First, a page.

The Wall St. Journal has an interesting article looking at how much it’s costing airlines to fly you from here to there – you may be surprised to hear that upwards of 70% of your fare may be going just to pay the fuel bill. For example, American’s fuel bill for a roundtrip flight from New York to Los Angeles on a 767 is about $488. The average fare is $671. You can see the problem. JetBlue’s more fuel-efficient A320s only cost about $292 in fuel, but their average fare is only $414. Fares aren’t anywhere close to where they need to be, which is why we’ve heard about the airlines shrinking their routemaps — and we’ll see plenty more of that soon.
Fares are already pushing the point where leisure travelers are changing their plans – and we haven’t heard how hotels and resorts will be affected by changes in traveler behavior. The entire industry is in the midst of a major upheaval – and unfortunately for the traveler (especially the leisure traveler), we’ve hit the end of road for cheap flying (at least for a while).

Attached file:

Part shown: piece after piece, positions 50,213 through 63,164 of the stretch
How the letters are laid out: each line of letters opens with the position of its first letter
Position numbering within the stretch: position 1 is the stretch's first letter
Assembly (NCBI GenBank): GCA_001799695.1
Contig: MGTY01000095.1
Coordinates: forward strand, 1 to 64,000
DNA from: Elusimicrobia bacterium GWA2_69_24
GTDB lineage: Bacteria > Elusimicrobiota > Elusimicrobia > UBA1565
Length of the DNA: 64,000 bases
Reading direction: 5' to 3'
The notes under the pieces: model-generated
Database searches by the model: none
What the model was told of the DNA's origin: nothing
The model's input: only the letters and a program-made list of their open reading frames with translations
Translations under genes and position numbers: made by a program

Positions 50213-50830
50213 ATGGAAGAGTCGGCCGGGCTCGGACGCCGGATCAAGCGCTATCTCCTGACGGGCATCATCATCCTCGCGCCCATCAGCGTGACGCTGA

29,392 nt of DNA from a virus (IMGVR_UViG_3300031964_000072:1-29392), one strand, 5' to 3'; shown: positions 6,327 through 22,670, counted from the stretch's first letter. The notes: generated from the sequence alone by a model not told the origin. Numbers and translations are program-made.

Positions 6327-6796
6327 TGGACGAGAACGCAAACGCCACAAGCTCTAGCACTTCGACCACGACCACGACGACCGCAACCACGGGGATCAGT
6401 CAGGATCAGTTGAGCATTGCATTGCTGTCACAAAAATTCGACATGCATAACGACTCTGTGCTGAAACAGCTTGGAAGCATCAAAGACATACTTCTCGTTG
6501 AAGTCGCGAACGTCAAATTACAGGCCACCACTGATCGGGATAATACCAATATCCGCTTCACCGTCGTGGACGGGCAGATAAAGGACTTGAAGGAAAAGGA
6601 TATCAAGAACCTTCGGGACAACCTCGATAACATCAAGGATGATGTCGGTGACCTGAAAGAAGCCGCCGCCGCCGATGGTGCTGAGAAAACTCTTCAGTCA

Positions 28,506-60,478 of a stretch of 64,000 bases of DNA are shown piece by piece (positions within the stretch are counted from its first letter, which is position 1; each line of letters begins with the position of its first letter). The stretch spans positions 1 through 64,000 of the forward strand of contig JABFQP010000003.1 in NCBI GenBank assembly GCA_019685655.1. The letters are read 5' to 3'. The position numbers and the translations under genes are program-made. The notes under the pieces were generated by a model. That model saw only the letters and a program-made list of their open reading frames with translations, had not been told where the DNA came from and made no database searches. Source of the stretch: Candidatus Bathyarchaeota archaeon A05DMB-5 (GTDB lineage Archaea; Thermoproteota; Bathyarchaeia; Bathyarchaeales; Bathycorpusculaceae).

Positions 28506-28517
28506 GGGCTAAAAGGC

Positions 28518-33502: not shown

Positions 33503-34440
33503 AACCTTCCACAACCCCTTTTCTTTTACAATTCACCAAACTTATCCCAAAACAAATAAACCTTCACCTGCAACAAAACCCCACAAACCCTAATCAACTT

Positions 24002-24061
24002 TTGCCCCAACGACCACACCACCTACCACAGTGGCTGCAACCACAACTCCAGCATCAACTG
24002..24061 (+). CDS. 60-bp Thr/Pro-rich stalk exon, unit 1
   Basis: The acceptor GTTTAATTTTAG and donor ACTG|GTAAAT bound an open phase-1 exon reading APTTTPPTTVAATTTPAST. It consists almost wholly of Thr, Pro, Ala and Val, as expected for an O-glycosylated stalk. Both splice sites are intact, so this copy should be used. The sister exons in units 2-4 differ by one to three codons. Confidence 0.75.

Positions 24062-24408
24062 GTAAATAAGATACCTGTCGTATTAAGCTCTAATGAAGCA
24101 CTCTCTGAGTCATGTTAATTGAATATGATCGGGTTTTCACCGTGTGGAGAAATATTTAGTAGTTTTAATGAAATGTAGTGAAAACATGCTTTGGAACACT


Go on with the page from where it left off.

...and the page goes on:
(Editor’s Note: Reader TJL just pointed out the most interesting thing that I missed in the article – that United pays about $32 more in fuel on their PS flights than AA for their transcon route, but their average fare is $300 higher. To TJL’s point, how much longer can AA keep that up? How can they compete? But worse, is AA in any position to reconfigure its 757s to include a premium product? Probably not. So they’re stuck with a brutal plane to serve the route because its a flagship product for them. Delta, on the other hand, has chosen to fly a 737 on that route, and while the product is pretty lame, and they get $230 less per passenger than AA, their fuel costs are significantly less. This looks terrible for AA; unfortunately for United, there’s really no other routes (save ORD-LAX, perhaps) where they could fly the PS service.)